The Asian Art Museum
The Asian Art Museum, while not exactly a secret, is worthy of more attention than it gets. The museum has an excellent large collection, which, in its new building in Civic Center (which opened in March 2003), is displayed in a more coherent manner than was the case when the museum was located in Golden Gate Park.
The museum is located at 200 Larkin Street (between Fulton and McAllister), across Civic Center Plaza from City Hall. The Civic Center BART/MUNI station is nearby, and several bus lines serve the area.
The Civic Center is a national historical district. Civic Center Plaza is encircled by buildings that are mostly from the same general period when the Asian Art Museum’s building was constructed (1916), as Civic Center was rebuilt after the devastating 1906 earthquake. Although no one building is exception, collectively the district is a few example of beaux arts architecture – it has been called the nation’s second-best beaux arts district, after the federal triangle in Washington DC.
In terms of visitor experience, Civic Center is a mixed area. There are delightful crafts and produce markets in nearby UN Plaza several days a week. Government workers roam at lunchtime. Hayes Valley to the west has some good shops and restaurants, including the excellent Hayes Street Grill. To the north is an area the is becoming known as Little Vietnam. But there is also a large homeless contingent that camps overnight on area streets, especially around the public library, until getting rousted along around daybreak. The Tenderloin area to the northeast harbors some scurrilous characters, who tend to spill into Civic Center after dark, and visitors should stay alert for purse snatchers.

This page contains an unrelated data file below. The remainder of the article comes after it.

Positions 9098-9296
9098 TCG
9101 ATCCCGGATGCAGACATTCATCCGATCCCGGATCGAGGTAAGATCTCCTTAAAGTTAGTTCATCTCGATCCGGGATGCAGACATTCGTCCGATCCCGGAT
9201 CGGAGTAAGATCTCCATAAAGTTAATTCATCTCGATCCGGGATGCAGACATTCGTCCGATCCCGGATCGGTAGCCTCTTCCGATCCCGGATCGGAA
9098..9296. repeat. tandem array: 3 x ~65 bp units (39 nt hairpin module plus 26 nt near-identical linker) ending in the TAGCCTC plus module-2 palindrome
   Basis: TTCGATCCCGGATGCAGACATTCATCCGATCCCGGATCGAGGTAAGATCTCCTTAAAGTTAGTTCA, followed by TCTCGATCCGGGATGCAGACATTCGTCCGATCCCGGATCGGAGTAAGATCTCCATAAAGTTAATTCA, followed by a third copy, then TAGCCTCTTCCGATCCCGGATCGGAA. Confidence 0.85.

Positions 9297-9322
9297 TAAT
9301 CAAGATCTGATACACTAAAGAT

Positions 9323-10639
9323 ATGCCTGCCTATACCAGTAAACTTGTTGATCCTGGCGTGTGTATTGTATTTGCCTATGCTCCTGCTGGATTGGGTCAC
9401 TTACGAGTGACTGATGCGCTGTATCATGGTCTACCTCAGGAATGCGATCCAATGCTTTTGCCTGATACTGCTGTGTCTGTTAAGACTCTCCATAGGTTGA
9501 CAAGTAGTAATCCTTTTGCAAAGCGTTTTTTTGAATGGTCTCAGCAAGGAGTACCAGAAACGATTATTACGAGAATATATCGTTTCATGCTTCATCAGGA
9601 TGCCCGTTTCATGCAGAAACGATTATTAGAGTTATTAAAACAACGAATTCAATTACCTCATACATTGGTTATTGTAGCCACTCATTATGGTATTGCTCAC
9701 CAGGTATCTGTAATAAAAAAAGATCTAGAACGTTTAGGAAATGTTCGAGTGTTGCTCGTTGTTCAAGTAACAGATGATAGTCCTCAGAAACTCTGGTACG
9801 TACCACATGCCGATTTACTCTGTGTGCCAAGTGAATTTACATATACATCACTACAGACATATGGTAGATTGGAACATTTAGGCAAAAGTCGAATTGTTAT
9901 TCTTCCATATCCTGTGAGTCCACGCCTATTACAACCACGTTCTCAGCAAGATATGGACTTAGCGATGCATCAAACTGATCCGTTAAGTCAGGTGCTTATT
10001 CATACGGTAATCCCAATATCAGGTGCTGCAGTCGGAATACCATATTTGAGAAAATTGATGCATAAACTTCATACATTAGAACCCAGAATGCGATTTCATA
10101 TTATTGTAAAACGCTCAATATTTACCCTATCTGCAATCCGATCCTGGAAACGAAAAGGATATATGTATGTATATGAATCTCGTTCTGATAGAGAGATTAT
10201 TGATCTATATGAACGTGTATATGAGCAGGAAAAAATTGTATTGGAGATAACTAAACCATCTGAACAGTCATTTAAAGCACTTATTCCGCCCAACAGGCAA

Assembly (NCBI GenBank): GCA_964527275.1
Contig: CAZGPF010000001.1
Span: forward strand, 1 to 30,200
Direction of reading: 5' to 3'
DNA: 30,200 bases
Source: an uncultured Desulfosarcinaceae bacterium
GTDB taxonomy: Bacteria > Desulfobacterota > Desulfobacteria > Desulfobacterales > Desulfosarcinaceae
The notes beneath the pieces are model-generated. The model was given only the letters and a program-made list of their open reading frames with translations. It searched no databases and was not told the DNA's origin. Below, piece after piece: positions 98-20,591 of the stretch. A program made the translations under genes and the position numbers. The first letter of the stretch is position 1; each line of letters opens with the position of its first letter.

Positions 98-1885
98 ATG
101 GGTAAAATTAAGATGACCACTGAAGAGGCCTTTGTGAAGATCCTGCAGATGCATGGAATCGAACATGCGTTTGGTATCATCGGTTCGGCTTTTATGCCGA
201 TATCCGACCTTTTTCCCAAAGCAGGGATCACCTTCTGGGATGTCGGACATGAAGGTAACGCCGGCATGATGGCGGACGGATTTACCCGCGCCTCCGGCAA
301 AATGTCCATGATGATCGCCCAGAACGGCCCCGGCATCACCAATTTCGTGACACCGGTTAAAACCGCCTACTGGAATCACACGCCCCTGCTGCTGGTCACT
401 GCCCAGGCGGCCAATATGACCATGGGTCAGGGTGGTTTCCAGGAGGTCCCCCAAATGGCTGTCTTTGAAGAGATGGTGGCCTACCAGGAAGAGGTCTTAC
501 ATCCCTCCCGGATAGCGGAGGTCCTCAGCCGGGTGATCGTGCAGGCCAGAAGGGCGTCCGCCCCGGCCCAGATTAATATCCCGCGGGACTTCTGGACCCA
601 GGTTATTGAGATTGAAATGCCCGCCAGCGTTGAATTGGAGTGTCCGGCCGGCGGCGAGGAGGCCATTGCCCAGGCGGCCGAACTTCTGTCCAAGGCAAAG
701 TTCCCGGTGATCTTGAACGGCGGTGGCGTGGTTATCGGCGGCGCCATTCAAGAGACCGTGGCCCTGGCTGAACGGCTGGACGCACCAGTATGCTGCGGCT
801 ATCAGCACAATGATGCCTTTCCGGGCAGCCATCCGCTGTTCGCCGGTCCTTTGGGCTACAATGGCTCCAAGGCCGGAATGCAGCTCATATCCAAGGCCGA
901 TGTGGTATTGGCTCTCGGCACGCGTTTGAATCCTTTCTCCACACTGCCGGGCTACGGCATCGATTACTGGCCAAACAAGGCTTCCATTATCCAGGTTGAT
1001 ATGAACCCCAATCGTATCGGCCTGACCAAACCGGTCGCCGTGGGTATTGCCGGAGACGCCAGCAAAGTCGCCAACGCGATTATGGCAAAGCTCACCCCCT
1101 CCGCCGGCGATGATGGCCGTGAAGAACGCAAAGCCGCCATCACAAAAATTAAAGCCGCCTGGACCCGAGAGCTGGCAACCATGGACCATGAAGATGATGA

Open Tuesday–Saturday, 10:00-5:00. Closed Mondays and a few major holidays. Open Thursday evenings until 9:00.
The collections encompass all of Asia, from the Urals east, including off-shore islands such as Japan and Java. The museum divides Asia into large cultural and geographical units—both the display of objects and the curatorial staff structure are based on this arrangement. These units are South Asia (India, Pakistan, Bangladesh, Sri Lanka), Southeast Asia (Cambodia, Thailand, Burma, Laos, Vietnam, Philippines, Indonesia, Malaysia), The Persian World and West Asia (Iran, Iraq, Afghanistan, Turkmenistan, Uzbekistan), Himalayas and Tibetan Buddhist World (Tibet, Nepal, Bhutan, Mongolia), China, Korea, and Japan. The museum has major holdings in each of the areas, but is strongest in China (especially bronzes, ceramics, and jades) and weakest in Persia and West Asia, which has the fewest objects, the smallest display space, and no dedicated curatorial presence.
The collections range from early Neolithic objects to the present. The museum’s current director, Emily Sano, has brought a new emphasis on contemporary Asian art).
Of particular note is the earliest extant dated Chinese Buddha. (The Rough Guide calls it the earliest Chinese Buddha, which is wrong—it is the earliest Chinese Buddha that is inscribed with a date, 338.) Other highlights of the museum’s collections include Cambodian sculptures, Thai paintings and ceramics, a Burmese crowned Buddha and throne, Indian stone sculptures, art of the Sikh kingdoms, Himalayan dakinis and thangkas, Chinese ritual bronzes and ceramics, Korean celadons, and Japanese bamboo baskets and decorative arts. The museum’s holdings are extensive and of high quality, so there is no need to focus a visit on just a few pieces.
Docent-led tours are available several times a day, starting from the Information Desk in South Court. Free acoustiguide players are also available.